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Wednesday, 10 July 2013

Review: Black Star Nairobi, Mukoma wa Ngugi (Kenya)

Title: Black Star Nairobi
Author: Mukoma wa Ngugi
Publication: 2013/Brooklyn, New York: Melville House Publishing
ISBN #: 978-1-61219-210-9
# of pages: 267
Discovered by scanning all the shelves at a bookstore, looking for new authors
Read in paper format
Also available in e-book format
Link to author’s website: Mukoma wa Ngugi

For the past three years, Ishmael and Odhiambo, known simply as O, have operated the Black Star detective agency. Fortunately O is still a police officer and his boss Hassan tosses them the odd case, which is keeping them in business. This latest case is very odd, the decomposing body of an African-American killed execution style and left to rot in Ngong Forest near Nairobi. As a displaced African-American, this hits close to home for Ishmael. Their investigation has barely begun when their world is an explosion at the Norfolk Hotel. Ishmael strongly believes the incidents are connected so they set out to see what is happening at the hotel.

Ethnic tension bubbles just below the surface in Kenya as the 2007 elections are about to be held. Some Americans...and many Kenyans...were killed at the hotel so fears of Al-Qaeda involvement are running rampant, bringing the CIA into the picture. Ishmael and O are told to back off, which only makes them more curious.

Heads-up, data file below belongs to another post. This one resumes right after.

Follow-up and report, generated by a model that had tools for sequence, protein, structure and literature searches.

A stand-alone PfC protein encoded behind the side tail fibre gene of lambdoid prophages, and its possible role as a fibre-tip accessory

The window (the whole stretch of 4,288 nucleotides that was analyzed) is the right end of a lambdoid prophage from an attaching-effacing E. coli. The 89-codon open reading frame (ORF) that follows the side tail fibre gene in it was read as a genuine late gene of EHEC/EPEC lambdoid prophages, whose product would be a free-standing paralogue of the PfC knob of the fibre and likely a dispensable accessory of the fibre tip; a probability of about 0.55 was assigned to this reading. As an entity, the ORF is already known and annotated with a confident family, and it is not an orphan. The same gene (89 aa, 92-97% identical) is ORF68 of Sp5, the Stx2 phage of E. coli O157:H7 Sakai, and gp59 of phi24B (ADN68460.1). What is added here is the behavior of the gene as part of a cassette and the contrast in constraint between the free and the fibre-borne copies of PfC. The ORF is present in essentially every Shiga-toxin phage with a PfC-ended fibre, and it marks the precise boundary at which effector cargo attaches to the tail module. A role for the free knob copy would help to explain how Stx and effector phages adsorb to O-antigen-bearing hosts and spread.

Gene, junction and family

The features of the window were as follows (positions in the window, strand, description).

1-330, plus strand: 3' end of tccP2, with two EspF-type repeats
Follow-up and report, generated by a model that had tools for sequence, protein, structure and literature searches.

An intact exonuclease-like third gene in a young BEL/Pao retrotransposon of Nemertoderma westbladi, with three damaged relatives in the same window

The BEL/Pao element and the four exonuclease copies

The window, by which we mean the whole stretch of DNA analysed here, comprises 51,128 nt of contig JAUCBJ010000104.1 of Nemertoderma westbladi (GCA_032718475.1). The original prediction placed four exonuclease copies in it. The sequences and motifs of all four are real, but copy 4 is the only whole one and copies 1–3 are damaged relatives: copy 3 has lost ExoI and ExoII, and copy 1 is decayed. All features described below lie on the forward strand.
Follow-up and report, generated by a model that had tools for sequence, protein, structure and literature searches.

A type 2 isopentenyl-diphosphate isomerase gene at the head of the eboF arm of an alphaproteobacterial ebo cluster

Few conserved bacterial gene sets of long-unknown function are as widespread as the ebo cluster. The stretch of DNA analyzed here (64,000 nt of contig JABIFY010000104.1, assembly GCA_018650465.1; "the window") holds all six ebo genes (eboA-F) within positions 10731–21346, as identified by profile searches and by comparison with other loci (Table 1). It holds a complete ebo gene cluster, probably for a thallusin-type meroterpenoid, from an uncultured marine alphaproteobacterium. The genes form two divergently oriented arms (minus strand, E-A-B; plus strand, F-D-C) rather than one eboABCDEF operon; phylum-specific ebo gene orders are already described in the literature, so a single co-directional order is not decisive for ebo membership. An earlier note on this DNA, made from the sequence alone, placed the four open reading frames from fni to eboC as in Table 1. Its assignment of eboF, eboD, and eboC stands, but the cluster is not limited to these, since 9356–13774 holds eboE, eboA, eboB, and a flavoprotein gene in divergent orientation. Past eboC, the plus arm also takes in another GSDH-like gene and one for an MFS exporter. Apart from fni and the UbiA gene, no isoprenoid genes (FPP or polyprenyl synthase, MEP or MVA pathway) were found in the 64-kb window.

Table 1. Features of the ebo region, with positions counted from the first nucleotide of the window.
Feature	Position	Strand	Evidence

Their investigation quickly takes an ugly turn and they no longer know whom to trust. Muddy, Rwandan genocide survivor and Ishmael’s girlfriend, soon joins their quest for the truth.

This turned out to be more thriller than murder mystery. The Kenyan election backdrop was very interesting, a taste of how quickly a country can disintegrate into violence. The three main characters are strong ones and you soon want to know more about each of their backgrounds. I would like to read the first book in the series to learn how Ishmael ended up in Kenya. The book does go bit astray about halfway through and the plot becomes more convoluted than necessary. However, the story and the lead characters carry the reader through to the end.

Rating: (°_°)             Worth reading

Notable sentence:  “Pulled in to this vortex of violence and more violence, my principles of justice were becoming rudimentary – us against them.”

Author wa Ngugi was born in the USA but grew up in Kenya. In addition to the first mystery in this series “Nairobi Heat”, he has also written poetry, fiction and non-fiction books, political columns and essays. He is an Assistant Professor of English at Cornell University and his father is a renowned African author.  



  1. I think lots of thrillers have convoluted plots, but I thought this one was pretty good. Alan Glynn writes very good global conspiracy thrillers.

    1. Thanks for another "new to me" author, Rebecca! Haven't run across Alan Glynn before.

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